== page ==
John Todd

“There’s more than one way to do it.” I’ve been working with Asterisk for nine years, and this motto becomes more true with each release, each added feature, and each clever person who attacks a telecommunications problem with this incredibly flexible toolkit. I had the fantastic opportunity to work as the community manager for the Asterisk project at Digium for two years, which gave me one of the best vantage points for seeing the scope and imagination of the worldwide development effort pushing Asterisk forward. The depth and breadth of Asterisk is staggering—installations with hundreds of thousands of users are now commonplace. I see Asterisk making deep inroads into the financial, military, hospital, Fortune 100 enterprise, service provider, calling card, and mobile environments. In fact, there really aren’t any areas that I can think of where Asterisk isn’t now entrenched as the default choice when there is a need for a generalized voice tool to do “stuff.”

Asterisk has been emblematic of the way that open source software has changed business—and changed the world. My favorite part of any Asterisk project overview or conference talk is answering questions from someone new to Asterisk. As I continue to answer “Yes, it can do that,” I watch as the person’s eyes grow wide. The person starts to smile when he really starts to think about new things to do that his old phone or communication system couldn’t possibly have done. Radio integration? Sure. Streaming MP3s into or out of phone calls? OK. Emailing recorded conference calls to the participants? No problem. Integration of voice services into existing Java apps? Easy. Fax? Instant messages? IVRs? Video? Yes, yes, yes, yes.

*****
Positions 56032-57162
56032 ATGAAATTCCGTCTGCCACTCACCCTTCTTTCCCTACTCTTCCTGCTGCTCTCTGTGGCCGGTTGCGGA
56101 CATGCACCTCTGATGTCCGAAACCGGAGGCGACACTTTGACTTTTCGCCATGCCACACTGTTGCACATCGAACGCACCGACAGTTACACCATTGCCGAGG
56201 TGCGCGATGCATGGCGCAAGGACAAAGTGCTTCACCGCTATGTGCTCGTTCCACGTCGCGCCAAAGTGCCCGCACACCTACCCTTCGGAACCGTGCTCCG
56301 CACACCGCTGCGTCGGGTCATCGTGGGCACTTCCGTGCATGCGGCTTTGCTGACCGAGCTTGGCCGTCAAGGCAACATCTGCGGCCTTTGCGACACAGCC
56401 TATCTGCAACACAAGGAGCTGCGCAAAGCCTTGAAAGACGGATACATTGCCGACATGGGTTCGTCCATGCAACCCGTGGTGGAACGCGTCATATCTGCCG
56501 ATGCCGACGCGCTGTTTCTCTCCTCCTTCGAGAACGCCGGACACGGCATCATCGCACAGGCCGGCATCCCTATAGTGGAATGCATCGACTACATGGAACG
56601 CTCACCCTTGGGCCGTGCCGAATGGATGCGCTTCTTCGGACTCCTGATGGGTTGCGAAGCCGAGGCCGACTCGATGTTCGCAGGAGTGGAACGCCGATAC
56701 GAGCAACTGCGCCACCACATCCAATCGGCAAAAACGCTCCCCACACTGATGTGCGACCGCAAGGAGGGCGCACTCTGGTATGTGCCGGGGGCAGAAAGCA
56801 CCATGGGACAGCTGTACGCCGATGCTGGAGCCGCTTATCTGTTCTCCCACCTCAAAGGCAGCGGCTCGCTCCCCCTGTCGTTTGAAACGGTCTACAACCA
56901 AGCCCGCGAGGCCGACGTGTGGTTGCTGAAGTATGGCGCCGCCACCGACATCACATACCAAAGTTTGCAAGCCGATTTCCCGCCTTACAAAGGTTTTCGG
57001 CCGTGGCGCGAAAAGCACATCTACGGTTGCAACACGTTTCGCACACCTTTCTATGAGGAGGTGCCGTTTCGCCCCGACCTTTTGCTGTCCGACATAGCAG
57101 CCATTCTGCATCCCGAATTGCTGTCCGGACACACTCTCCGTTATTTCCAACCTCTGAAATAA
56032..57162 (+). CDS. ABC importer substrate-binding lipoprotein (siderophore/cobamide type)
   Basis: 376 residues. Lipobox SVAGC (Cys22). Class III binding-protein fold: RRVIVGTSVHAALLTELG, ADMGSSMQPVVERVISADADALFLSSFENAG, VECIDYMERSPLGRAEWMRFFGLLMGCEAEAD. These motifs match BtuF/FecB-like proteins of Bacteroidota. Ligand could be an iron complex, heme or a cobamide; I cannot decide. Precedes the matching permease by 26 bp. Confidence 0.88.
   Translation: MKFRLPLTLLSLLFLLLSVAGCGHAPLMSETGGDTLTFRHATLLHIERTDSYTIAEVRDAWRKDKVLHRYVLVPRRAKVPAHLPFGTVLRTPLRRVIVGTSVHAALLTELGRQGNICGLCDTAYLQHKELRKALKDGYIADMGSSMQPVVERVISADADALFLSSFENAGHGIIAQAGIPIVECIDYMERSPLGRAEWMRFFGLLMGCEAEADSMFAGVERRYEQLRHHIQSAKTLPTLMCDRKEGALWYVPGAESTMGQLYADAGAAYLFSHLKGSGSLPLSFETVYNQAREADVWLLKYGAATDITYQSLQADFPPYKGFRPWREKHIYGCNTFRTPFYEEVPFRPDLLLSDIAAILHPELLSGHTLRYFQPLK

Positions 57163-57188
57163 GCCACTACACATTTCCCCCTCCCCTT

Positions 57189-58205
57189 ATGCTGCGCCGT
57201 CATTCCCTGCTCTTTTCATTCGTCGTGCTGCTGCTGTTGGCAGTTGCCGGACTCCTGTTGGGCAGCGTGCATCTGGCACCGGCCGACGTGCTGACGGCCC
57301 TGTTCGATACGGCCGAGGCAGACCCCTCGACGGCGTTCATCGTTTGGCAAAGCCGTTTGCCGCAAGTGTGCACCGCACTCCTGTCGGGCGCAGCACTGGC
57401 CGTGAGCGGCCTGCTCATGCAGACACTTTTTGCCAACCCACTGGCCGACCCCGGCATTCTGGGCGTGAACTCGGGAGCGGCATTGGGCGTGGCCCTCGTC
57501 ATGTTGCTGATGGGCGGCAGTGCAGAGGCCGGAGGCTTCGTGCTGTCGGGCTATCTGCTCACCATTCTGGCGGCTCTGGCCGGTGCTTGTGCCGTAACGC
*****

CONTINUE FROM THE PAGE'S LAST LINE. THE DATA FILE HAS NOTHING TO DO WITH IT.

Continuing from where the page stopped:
The affirmative answers just keep flowing, and at that point, the best thing to do is to sit the person down and start showing him quick demonstrations of how Asterisk can be quickly deployed and developed. Then, I typically point the person toward the first edition of this book, Asterisk: The Future of Telephony, and set him loose. In just a few hours of development (or longer, of course), companies can change the way they deliver products to customers, nonprofits can overhaul how their users interact with the services they offer, and individuals can learn to build a perfectly customized call-handling system for their mobile and home phones. Asterisk scales up and down from individual lines to vast multiserver installations across multiple continents, but the way to start is to install the package, open up some of the configuration files, and start looking at examples.

From the basic beginnings of a PBX that Mark Spencer coded in 1999, the Asterisk project, with the help of thousands of developers, has moved from simply connecting phone calls and has matured into a platform that can handle voice, video, and text across dozens of virtual and physical interface types. The creation and growth of Asterisk were the inescapable results of the convergence of the four horsemen of the proprietary hardware apocalypse: open source development ideas, the Internet, Moore’s Law, and the plummeting costs of telecommunications. Even hardware vendors who may be frightened of Asterisk from a competitive standpoint are using it in their labs and core networks: almost all devices in the Voice-over-IP world are tested with Asterisk, making it the most compatible system across vendors.